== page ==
Pay less, plus get help taking notes
If you stop and think about it for a minute, there’s not really any reason that used textbooks are cheaper than new ones. Unlike a new car, a textbook doesn’t lose its value as its ‘mileage’ goes up. A textbook is either readable or it’s not; it doesn’t break down or require maintenance (unless you spill your coffee all over it). Yet, used textbooks are invariably cheaper than their new brethren.
Once you make that realization, it seems fairly obvious that buying a used book is always preferable to a new one. Certainly a used textbook might have dog-eared pages or some highlighting, but that doesn’t actually render the words on the page any less readable (and in the case of the highlighting, it can even help you take notes!). Plus, remember Harry Potter and the Half Blood Prince? You never know what secrets you might discover in a used textbook.
New doesn't mean best
Getting a new iPhone or seeing the new superhero movie is usually pretty awesome, but getting the ‘new’ version of a textbook doesn’t usually have the same appeal. This holds especially true when you consider that there’s not much of a difference between new and used textbooks.
The entire used textbook industry is built on the idea that a book doesn’t lose its value after it has been read, or opened, or highlighted in. In theory, as long as the text is readable and the information is still true, a textbook still has value. That’s not to say you should be buying waterlogged textbooks at Barnes and Noble, but rather that you shouldn’t be afraid of getting a used textbook, even if it’s a bit worn around the edges.
The thing is, when you buy used, the publishers don’t make any money. So, some publishing companies have tried to make buying new textbooks mandatory by including special supplemental materials. That’s why so many “updated” editions include a unique access code that can only be used once to access online content associated with that textbook, such as homework, quizzes, and videos. The goal is to make buying used a hassle, so you follow the path of least resistance straight towards a new textbook.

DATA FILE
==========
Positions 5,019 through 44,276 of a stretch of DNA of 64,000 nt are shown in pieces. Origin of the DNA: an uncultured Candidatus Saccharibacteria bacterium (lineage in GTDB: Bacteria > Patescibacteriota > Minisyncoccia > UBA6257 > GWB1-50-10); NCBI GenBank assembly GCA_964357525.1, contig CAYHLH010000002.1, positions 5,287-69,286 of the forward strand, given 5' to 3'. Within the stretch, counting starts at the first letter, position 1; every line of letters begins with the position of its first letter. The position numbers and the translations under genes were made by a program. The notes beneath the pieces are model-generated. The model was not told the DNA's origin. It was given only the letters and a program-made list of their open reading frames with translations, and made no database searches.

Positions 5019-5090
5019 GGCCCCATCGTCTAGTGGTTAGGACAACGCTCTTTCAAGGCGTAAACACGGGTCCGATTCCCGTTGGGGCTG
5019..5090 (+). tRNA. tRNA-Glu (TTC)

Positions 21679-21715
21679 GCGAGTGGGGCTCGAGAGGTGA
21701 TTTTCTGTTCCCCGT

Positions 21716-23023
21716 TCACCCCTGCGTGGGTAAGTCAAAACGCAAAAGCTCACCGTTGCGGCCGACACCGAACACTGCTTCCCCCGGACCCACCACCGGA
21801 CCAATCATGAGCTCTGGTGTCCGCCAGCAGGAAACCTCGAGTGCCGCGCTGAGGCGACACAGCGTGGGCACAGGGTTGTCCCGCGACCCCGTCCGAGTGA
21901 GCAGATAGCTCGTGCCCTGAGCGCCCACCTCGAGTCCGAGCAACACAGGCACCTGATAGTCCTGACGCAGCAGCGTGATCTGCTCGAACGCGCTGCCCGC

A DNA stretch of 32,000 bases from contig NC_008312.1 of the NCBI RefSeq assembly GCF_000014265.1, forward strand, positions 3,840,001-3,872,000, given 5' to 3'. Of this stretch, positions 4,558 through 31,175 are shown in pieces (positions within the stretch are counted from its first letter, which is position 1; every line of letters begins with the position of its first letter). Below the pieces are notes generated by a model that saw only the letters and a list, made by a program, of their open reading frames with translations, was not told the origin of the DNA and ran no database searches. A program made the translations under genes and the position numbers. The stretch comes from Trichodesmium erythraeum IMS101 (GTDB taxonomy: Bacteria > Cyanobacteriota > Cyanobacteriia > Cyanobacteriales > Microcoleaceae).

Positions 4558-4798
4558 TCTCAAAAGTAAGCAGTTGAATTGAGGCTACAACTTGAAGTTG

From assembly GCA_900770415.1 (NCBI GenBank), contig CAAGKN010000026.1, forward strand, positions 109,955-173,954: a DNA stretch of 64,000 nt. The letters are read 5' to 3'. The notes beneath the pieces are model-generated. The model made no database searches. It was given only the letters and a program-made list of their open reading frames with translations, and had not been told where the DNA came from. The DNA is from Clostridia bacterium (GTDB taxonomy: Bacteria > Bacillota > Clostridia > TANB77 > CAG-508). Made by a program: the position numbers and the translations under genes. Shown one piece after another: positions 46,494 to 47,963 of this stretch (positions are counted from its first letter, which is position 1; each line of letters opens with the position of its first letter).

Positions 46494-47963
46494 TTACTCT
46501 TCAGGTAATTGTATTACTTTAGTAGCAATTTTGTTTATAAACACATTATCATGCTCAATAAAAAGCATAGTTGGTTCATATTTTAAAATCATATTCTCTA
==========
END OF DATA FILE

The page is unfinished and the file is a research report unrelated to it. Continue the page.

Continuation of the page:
The good news is, most of the time you can buy one of those unique access codes without the attached book, which means used textbooks are still a better option for you. Just search for that particular publisher’s website to buy the code direct from them.
How used is too used?
Now that you know that used is nearly always better, and that you can buy used textbooks even if you need that special code, it’s important to consider exactly how ‘used’ you want your book to be. Try to distance yourself from the idea that a brand new book is somehow better than a used one, and from that frame of mind, think. You can save more money by opting for a book that’s had its pages turned a time or two.
There are all sorts of different ways to describe the quality of a used book. Here we break down exactly what you’re getting when you buy a ‘Good Used’ book versus an “Acceptable” one from Bookbyte.
Please note that these condition descriptions apply only to Bookbyte. We can’t say for sure how the other guys grade their books.
Like New - A used book in an almost new condition, there is no writing inside and it does include the textbook’s supplements.*
Good Used - Minor wear or markings; may not always have the supplements* included, it may or may not have writing.
This book looks like a textbook that spent a semester bouncing around a backpack. The pages may have a few notes written on them, and the corners of the book probably aren’t sharp and crisp, they’re a bit more rounded. There may be a scrape or two on the cover.
Used - Moderately worn cover, writing, markings or slight discoloration. It may or may not have the supplements* the new book would have, it probably has highlighting and or writing in it.
‘Used’ textbooks have had their pages turned a time or two, as you’d expect. These textbooks have likely gone through the hands of a few students before they get to you, but they’ve been evaluated for quality and they still have a few more years to go. There’s almost certainly going to be writing and highlighting in the margins of a ‘Used’ textbook. It’s older, so the pages may be a bit darker around the edges, and you might find a coffee ring or other such discoloration inside.
Acceptable - All text is legible, but it may contain markings, cover wear, loose/torn pages or staining, and a great deal of writing. It probably does not have supplements*, and it almost certainly has been written or highlighted in. Overall, the condition is good enough that you can learn from it without issues.
Textbooks listed as ‘Acceptable’ are the grizzled veterans of our inventory. They’ve seen a lot over their many years of service, endured scrapes, bumps, drops and every color of highlighter imaginable. Despite all that, they’ve still got a few semesters left in them. An ‘Acceptable’ textbook is one you can immediately tell has been around the campus a few times. It’ll have markings on many pages, the cover may be moderately scratched, a few of the pages might have minor tears, but no content is missing. This book has been well loved and well used. You’re going to get it for much cheaper than you would a ‘Good Used’ textbook, but it’s not going to be winning any beauty contests.
*Supplements are CDs, DVDs, access codes, access codes with an ebook (or etext), ebooks, audio cassettes, VHS cassettes, study guides, activities manuals, handbooks, pamphlets, etc.